A few months ago, as I was training to be a flight attendant, I had this great idea for a blog. I posted a few articles…and then I went blank. I didn’t know what to write about. I wanted to follow my initial plan and be a travel blogger. The truth is: being a flight attendant in your first year is not all that exciting for the outside reader. No, I have not been to Fiji, no I don’t have “regular routes”….and no I don’t have any control over my schedule. They say the first year on the job is the hardest; I’m more than half way there and quality of life has increased exponentially, but I have not been inspired to write as of late, not wanting to share the woes of one who is paid to be on call at her comfortable apartment and flies for free whenever her heart desires.

Then, something happened. The unthinkable. As fate would have it I happened to be sitting in my parents’ living room on my day off, and my father received a call. It was from Grandpa. We are a very close family, so the call was nothing out of the blue….until I saw my dad, a decorated police officer of 25 years stand out of his chair, his face went white, and all he could mutter to his father was “what?”.

The whole family had been fighting along side my father’s brother Joe, fighting colon  cancer for about two years, so the second my 6’3″ dad clenched the counter, my mom and I looked at each other and knew, Uncle Joe died.

Instead, dad stood up, and said Lena died in a car accident. Lena is Joe’s 16 year old daughter. His 16 yr old basketball prodigy.

Lena??  No way. No chance is this call about Lena.

My uncle Joe is my Dad’s little brother. He’s got some height on dad, and definitely had some skills on him on the court, but they ALWAYS were a team. Then, I came along. I am the first born  of their second generation, and Uncle Joe treated me like a princess. He would sneak me out and take me to Sox games, getting autographs and catching balls hit by Mo Vaughn. He is the best uncle a girl could ask for….did I mention he coached my first basketball team????

Then my sister and the other cousins came along, and I can’t speak for them but I think they would individually say he always made them feel like they were the only person in the world.

And then came Lena. She was truly gifted. Schooled me at basketball when she was twelve years old, after that I always had an excuse as to why I couldn’t play her.

Lena really made an impact in our family. I will always be proud of her and I will always miss her, but she, at her young age taught me an amazing lesson.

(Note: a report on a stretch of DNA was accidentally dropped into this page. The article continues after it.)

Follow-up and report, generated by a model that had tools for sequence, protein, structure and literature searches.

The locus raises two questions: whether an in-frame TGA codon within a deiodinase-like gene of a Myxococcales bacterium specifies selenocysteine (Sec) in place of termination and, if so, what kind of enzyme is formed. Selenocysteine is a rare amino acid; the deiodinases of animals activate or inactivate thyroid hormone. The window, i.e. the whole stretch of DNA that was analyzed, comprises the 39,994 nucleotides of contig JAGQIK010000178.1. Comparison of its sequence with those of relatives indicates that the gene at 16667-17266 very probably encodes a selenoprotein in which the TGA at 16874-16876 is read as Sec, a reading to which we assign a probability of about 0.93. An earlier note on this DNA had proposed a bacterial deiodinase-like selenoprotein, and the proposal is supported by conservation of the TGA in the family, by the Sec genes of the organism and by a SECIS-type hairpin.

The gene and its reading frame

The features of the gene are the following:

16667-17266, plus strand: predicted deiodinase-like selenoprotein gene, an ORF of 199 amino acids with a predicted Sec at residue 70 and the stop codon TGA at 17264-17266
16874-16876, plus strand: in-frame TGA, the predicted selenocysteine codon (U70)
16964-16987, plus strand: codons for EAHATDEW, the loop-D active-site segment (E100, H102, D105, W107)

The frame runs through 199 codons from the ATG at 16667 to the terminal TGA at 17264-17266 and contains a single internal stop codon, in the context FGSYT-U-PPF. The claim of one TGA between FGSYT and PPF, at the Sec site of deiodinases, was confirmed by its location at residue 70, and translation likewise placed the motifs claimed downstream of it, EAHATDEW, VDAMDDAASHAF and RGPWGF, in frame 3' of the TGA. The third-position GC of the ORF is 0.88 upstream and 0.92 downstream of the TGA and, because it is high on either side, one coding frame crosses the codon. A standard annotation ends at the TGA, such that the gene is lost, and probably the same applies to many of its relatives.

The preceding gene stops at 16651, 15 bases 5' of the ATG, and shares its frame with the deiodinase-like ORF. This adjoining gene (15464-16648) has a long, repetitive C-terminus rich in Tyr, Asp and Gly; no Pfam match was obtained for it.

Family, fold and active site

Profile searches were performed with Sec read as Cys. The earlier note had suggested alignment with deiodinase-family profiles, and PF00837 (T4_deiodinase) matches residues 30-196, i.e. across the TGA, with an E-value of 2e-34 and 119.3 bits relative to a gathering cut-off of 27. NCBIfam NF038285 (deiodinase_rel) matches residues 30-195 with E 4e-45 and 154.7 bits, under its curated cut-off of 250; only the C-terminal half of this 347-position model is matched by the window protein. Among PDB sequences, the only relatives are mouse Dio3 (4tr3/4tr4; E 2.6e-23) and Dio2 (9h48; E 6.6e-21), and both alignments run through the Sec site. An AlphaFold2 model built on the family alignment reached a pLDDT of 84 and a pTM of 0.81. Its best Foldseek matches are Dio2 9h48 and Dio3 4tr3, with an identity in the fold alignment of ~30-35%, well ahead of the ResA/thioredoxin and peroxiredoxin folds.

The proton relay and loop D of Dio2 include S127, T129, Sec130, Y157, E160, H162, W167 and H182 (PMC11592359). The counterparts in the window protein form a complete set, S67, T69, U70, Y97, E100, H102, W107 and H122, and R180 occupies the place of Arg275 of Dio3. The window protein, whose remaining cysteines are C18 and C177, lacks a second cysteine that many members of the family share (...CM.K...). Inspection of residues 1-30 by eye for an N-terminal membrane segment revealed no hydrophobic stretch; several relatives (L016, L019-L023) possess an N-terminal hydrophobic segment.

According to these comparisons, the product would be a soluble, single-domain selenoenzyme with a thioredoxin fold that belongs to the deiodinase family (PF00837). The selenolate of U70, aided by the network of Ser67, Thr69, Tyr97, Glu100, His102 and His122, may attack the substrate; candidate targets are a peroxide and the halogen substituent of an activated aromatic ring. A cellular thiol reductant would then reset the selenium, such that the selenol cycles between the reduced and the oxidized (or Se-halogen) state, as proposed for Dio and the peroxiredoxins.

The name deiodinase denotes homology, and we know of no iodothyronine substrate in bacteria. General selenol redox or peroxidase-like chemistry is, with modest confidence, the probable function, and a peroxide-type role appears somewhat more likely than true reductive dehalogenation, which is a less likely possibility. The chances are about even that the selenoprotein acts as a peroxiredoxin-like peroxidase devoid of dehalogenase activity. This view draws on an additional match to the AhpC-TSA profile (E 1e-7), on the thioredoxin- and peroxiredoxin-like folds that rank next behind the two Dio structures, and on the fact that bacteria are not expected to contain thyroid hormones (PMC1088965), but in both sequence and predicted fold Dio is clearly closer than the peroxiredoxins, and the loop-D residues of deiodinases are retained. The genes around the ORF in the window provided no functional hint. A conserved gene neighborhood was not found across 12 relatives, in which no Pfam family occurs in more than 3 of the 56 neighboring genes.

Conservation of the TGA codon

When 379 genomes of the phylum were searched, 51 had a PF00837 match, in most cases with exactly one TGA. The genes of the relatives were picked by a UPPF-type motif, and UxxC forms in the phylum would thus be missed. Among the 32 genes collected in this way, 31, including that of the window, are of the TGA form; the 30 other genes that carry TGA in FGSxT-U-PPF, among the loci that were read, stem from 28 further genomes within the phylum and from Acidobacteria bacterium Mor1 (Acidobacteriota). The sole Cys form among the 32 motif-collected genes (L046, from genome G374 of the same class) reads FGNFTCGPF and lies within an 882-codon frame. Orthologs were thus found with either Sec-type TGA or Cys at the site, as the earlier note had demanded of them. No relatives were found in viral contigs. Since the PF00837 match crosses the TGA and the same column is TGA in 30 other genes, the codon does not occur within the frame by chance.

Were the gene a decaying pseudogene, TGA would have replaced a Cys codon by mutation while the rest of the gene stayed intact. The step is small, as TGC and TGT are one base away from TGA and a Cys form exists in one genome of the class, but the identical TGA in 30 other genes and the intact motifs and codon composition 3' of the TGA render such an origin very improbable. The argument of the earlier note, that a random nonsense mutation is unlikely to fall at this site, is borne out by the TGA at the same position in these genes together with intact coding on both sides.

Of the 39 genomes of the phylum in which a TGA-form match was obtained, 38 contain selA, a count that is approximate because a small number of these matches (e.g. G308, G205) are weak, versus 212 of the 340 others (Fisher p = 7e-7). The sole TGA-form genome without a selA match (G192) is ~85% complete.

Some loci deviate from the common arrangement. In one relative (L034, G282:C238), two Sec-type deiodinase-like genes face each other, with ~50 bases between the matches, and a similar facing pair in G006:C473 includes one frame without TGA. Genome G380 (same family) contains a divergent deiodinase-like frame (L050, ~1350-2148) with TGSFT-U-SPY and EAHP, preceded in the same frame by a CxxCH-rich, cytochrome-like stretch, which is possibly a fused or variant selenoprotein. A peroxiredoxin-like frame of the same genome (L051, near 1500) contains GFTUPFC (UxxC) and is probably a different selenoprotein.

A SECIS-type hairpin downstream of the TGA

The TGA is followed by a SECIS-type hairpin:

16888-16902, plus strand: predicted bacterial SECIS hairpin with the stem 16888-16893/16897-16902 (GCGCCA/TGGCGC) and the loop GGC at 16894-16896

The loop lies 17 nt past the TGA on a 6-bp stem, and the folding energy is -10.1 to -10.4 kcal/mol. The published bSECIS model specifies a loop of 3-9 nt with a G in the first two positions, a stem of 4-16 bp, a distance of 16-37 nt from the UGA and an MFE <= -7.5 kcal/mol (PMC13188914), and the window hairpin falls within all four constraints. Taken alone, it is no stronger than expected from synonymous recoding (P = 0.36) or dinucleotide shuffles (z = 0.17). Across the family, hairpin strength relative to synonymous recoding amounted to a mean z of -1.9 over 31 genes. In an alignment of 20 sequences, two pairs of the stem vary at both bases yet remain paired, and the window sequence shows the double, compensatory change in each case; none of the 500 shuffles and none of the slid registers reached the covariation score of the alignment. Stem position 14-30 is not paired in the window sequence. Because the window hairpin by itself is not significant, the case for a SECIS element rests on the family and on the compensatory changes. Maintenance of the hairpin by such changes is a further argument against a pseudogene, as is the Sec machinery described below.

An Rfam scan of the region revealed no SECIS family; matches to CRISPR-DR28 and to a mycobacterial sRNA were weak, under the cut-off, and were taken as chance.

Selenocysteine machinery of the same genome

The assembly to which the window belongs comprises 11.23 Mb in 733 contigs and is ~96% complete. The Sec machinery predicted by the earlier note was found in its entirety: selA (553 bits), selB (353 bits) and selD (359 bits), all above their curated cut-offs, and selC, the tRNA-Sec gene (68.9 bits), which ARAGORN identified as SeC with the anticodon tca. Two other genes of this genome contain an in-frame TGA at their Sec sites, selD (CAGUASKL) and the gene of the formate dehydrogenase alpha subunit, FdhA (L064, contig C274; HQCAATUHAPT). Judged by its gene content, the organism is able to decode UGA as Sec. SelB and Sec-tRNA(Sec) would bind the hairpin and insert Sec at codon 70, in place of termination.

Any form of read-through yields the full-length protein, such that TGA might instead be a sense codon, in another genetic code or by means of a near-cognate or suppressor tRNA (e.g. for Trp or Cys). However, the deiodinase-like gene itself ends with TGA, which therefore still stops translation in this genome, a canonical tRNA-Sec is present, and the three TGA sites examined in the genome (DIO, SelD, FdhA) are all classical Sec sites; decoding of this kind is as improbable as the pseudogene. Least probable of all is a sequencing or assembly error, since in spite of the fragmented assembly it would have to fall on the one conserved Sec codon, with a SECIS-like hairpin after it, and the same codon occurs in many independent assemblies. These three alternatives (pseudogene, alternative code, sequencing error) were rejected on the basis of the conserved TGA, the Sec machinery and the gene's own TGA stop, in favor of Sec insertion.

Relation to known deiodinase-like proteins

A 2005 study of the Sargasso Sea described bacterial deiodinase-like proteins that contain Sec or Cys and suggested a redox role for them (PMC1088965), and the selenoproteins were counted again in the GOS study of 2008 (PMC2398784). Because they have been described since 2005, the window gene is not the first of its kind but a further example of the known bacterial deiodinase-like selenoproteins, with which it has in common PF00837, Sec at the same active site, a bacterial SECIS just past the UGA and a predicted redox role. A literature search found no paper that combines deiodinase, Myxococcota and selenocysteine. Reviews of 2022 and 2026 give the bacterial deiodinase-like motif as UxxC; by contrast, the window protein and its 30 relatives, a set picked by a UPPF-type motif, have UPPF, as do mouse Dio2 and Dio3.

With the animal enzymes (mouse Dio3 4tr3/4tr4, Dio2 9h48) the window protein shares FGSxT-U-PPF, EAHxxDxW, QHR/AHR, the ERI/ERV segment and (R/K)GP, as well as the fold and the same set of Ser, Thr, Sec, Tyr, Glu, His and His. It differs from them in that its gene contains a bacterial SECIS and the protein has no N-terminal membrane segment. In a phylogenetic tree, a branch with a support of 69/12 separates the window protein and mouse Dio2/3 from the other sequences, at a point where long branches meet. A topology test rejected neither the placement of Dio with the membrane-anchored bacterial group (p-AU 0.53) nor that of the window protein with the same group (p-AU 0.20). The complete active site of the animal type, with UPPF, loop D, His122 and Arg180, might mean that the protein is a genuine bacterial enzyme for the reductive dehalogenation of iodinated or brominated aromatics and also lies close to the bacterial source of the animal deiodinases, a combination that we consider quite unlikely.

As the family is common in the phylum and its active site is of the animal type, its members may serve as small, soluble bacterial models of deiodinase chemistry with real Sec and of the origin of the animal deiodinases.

I travel alot. I meet ALOT of people. Yet, i have met few people who have resonated with me. I wish I could say different, and It may be the state of my heart right now, but real love of a person, the kind you live for…family… the only thing that travels with you.

I have many people whom I’ve met in my travels who I am not related to. Family is what you make of it, and family is what I live for.

Sorry to disappoint those looking for a travel blog….but I’ve realized, an honest blog is more me.




A Head in the Clouds

I’m sitting in my jumpseat, waiting to hear the two chimes to indicate the end of sterile flightdeck, hoping to catch a glimpse of our ascension. Finally, the captain indicates that we have reached 10,000 ft, and I am no longer a prisoner to my seatbelt.

Although the first thing I should do after sterile flight deck is start brewing coffee and preparing the cart, I run to the window. As much as I LOVE serving people coffee and cookies (wink), my heart yearns for the sky. Every time, all the time, the first chance I get, I look out the window and take in the view.

My head is in the clouds. That is probably what my kindergarten teacher told my parents the first time I got caught daydreaming in her class. Sorry Miss Sunshine, your thrilling rendition of “Jesus loves Me” does not compare to actually feeling the love of the universe and witnessing the miracles first hand.

Anytime there is an opportunity for me to gaze into the clouds I take it. I lose myself in the vastness, the openness…the possibilities. Being a flight attendant has been a dream of mine, because it provides the adventure, lifestyle and ability to travel that I have long yearned for, but being a flight attendant is not where my dreams end.

As soon as the pilot indicates we have reached 10,000 ft. I hop out of my jumpseat, head to the window, appreciate what I have, realize how huge and amazing the world is, and plan for what is next.

How could I stop now when this amazing world is waiting for me?

Just because I have achieved one goal does not mean I can sit back and relax, it only opens doors for me to set and achieve more.

When I view the world from the clouds I get real with myself, with my desires, with my dreams. I recognize that my dreams are big, but so is that world floating underneath me. Anything is possible. The fact that I am flying through clouds proves that anything can happen.

It’s time for you and I to get real about what we want. Men didn’t always fly, at one point it was deemed barbaric to even dream of. I’ll embrace my barbaric dreams, as achievements are dreams with hard work behind them.

We are all worthy of our desires, it’s just a matter of how big we dream.


Oh Dallas

20170420_190550.jpgOh Dallas, sometimes I wake at night thinking of you. I think back to the day I first saw you, sporting my new black pumps, my hair twirled in a bun, and crimson red lips. I stepped off the plane with such excitement and curiosity of what was to come. You were good to me that first day Dallas, I left that interview with a job offer in hand.

The next time I saw you was just a few short weeks later. I had no idea what you had in store for me, but I was ready and anxious to get started. It was the middle of march, and you were still cool and breezy. My first week with you I made new friends, learned new aircraft and was introduced to my new company’s culture.

The next six weeks were rough for you and I Dallas. My classes got harder and home seemed further, and your temperatures sky rocketed. You were not kind to me in my wool uniform, you seemed to make it your goal to make me uncomfortable. When the days got too long and stressful I would try to have alone time with you. I would walk for hours trying to discover what you had to offer. You had no ocean for me to hear and smell, no family for me to visit, you offered me very little aesthetically.